Sarcopenia and loss of strength

with advice from Daniel Butler, CEP

Sarcopenia and loss of strength

Sarcopenia, the loss of skeletal muscle mass, is a part of what has been called “the slippery slope of aging.”

As people age, they often start to experience sarcopenia, as well as osteopenia and osteoporosis. Having weaker muscles and bones, plus the arthritis caused by years of wear and tear, can make movement more difficult and painful. The pain leads to less activity, which contributes to weaker bones and muscles, making it even more difficult to move. And so on.

Doctors and scientists are still not quite sure what causes sarcopenia, but they have linked a number of factors to its development, according to the Mayo Clinic: age-associated hormone changes, physical inactivity, inflammation, and diseases like cancer and diabetes. Because inactivity can lead to sarcopenia, doctors encourage older adults to exercise more to build muscle mass.

Exercise increases hormone levels, builds muscle mass, and contributes to weight loss.Daniel Butler, a personal trainer and clinical exercise specialist who works at the Take Charge Fitness Program, a wellness facility run by Clinton Physical Therapy Center (a Physiquality network member in Tennessee), is an expert in helping people avoid age-related physical problems. He points out that exercise not only builds body mass, but it also releases some of the hormones that start to dwindle as we age, like testosterone and growth hormones.

In addition, it can help older adults lose weight, reducing the pain associated with arthritis; having more weight on your frame can exponentially increase the pressure on your joints. So activity increases hormone levels, builds muscle mass, and contributes to weight loss. Win, win, win!

If you haven’t been very active and don’t know where to begin, says Daniel, go for a walk. Walking doesn’t take any special skills, and in many areas of the country can be done outside year-round. If it’s too cold outside right now, he adds, there are several places to walk indoors, like shopping malls, commercial gyms and community centers.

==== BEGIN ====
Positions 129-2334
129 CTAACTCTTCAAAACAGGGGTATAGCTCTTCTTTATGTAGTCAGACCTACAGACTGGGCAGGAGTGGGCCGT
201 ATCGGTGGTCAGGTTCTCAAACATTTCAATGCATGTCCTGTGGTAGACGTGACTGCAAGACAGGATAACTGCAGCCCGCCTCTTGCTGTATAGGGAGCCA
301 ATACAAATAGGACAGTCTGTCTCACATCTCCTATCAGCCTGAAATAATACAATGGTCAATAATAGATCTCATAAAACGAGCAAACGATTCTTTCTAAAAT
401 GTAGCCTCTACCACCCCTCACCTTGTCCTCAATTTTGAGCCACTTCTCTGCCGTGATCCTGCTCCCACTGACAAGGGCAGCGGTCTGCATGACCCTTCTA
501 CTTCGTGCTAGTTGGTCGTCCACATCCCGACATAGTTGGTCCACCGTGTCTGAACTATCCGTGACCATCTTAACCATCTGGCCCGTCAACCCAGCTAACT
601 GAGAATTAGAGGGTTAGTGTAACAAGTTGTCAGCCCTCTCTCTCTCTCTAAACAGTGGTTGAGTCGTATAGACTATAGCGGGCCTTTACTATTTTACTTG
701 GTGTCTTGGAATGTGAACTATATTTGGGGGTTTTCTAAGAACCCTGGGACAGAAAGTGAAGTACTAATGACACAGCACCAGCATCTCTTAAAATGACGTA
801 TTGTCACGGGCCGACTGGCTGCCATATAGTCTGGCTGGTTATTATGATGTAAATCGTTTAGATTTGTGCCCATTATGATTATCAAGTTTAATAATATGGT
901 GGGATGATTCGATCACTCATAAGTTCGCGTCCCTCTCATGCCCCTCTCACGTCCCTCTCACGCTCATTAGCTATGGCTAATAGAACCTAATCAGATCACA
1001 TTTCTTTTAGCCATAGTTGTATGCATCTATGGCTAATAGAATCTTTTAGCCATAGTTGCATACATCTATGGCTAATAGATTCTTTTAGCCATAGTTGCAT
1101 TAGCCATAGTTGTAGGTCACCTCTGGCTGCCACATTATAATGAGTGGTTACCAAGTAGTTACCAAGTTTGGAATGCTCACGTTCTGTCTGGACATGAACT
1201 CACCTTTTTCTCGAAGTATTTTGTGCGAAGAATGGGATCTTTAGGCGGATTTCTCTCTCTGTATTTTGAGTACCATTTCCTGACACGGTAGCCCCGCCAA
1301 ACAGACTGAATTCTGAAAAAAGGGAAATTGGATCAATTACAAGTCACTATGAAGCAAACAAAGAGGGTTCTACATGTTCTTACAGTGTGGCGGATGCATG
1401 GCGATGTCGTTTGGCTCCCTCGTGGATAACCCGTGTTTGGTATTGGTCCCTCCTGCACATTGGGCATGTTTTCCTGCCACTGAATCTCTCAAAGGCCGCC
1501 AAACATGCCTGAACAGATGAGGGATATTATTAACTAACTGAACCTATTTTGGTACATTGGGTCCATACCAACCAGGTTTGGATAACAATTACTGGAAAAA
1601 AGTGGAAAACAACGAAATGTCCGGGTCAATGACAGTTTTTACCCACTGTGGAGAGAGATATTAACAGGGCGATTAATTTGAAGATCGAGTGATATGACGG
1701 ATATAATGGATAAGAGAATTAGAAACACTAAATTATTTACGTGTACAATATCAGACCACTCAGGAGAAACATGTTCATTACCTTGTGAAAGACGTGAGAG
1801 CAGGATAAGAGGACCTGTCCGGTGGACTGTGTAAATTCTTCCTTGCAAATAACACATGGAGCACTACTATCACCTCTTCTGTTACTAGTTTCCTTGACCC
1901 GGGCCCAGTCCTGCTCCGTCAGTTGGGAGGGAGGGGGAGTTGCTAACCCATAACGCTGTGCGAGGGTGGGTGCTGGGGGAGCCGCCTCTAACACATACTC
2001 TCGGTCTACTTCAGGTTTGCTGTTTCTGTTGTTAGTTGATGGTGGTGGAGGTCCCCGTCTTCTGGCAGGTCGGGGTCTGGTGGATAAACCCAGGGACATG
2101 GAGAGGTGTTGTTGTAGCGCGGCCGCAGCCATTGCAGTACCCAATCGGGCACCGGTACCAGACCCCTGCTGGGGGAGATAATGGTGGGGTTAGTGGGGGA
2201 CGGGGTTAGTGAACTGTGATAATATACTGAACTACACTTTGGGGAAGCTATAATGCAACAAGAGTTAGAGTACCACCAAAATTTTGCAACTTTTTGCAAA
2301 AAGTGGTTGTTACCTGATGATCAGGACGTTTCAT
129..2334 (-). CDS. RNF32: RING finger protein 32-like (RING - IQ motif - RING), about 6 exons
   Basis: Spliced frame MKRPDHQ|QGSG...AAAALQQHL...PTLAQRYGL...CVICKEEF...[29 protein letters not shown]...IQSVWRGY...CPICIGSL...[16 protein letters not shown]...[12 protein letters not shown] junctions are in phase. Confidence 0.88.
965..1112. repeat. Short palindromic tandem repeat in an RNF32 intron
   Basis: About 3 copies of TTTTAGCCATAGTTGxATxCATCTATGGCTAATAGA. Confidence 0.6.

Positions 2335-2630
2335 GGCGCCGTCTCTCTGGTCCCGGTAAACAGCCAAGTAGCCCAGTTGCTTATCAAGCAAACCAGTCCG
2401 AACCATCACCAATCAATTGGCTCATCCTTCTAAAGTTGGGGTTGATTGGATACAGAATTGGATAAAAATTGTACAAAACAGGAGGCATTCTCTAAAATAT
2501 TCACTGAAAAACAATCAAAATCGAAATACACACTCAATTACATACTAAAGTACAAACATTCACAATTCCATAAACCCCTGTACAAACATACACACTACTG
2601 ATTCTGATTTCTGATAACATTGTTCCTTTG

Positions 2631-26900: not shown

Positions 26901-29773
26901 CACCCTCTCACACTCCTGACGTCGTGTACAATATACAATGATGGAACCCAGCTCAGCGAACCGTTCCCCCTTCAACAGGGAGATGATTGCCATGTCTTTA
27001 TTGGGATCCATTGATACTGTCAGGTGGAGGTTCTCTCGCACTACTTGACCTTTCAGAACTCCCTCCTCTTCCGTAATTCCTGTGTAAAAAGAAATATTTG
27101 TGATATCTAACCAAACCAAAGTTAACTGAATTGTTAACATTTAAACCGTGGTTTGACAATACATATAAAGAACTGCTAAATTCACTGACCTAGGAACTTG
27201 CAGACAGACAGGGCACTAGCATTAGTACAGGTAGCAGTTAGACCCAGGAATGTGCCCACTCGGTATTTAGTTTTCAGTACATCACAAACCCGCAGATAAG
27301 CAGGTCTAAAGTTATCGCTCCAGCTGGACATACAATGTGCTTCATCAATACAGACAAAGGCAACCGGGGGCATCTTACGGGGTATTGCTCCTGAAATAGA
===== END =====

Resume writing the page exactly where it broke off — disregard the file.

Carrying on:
Daniel notes that water exercise is a great alternative. Just like walking, it can be done indoors or outside, and the resistance provided by the water is enough to strengthen bones and muscles.

If you’re hesitant about trying a new activity on your own, talk to your physical therapist — PTs can create a walking or exercise program to build muscle mass at a rate that you are comfortable with. Use our locator to find a Physiquality therapist in your neighborhood.

It's important for seniors to avoid frailty.The key to aging well is avoiding frailty, the last step in the “slippery slope.” Daniel recommends keeping an eye on your bone density through DEXA scans, and then taking steps, such as proper diet and exercise, to maintain strong and healthy bones. He also notes that regular balance screenings can detect loss of equilibrium. If loss of balance is present, there are exercise and physical therapy protocols that can help restore balance.

The last point Daniel makes is that it’s important for seniors to be social. Meeting up with friends outside the house, whether you’re going for a walk or seeing a movie together, gets you off the couch and moving — and the more you move, the better you’ll feel.

 

Daniel Butler, CEP Daniel Butler, CEP, has been a personal trainer for more than 10 years at the Take Charge Fitness Program, a wellness facility run by Clinton Physical Therapy Center, a Physiquality network member in Clinton, Tennessee. A former Marine, Daniel holds certifications from the American College of Sports Medicine as a clinical exercise specialist and the Arthritis Foundation as an aquatic instructor, and he completed his B.S. in health administration in 2012.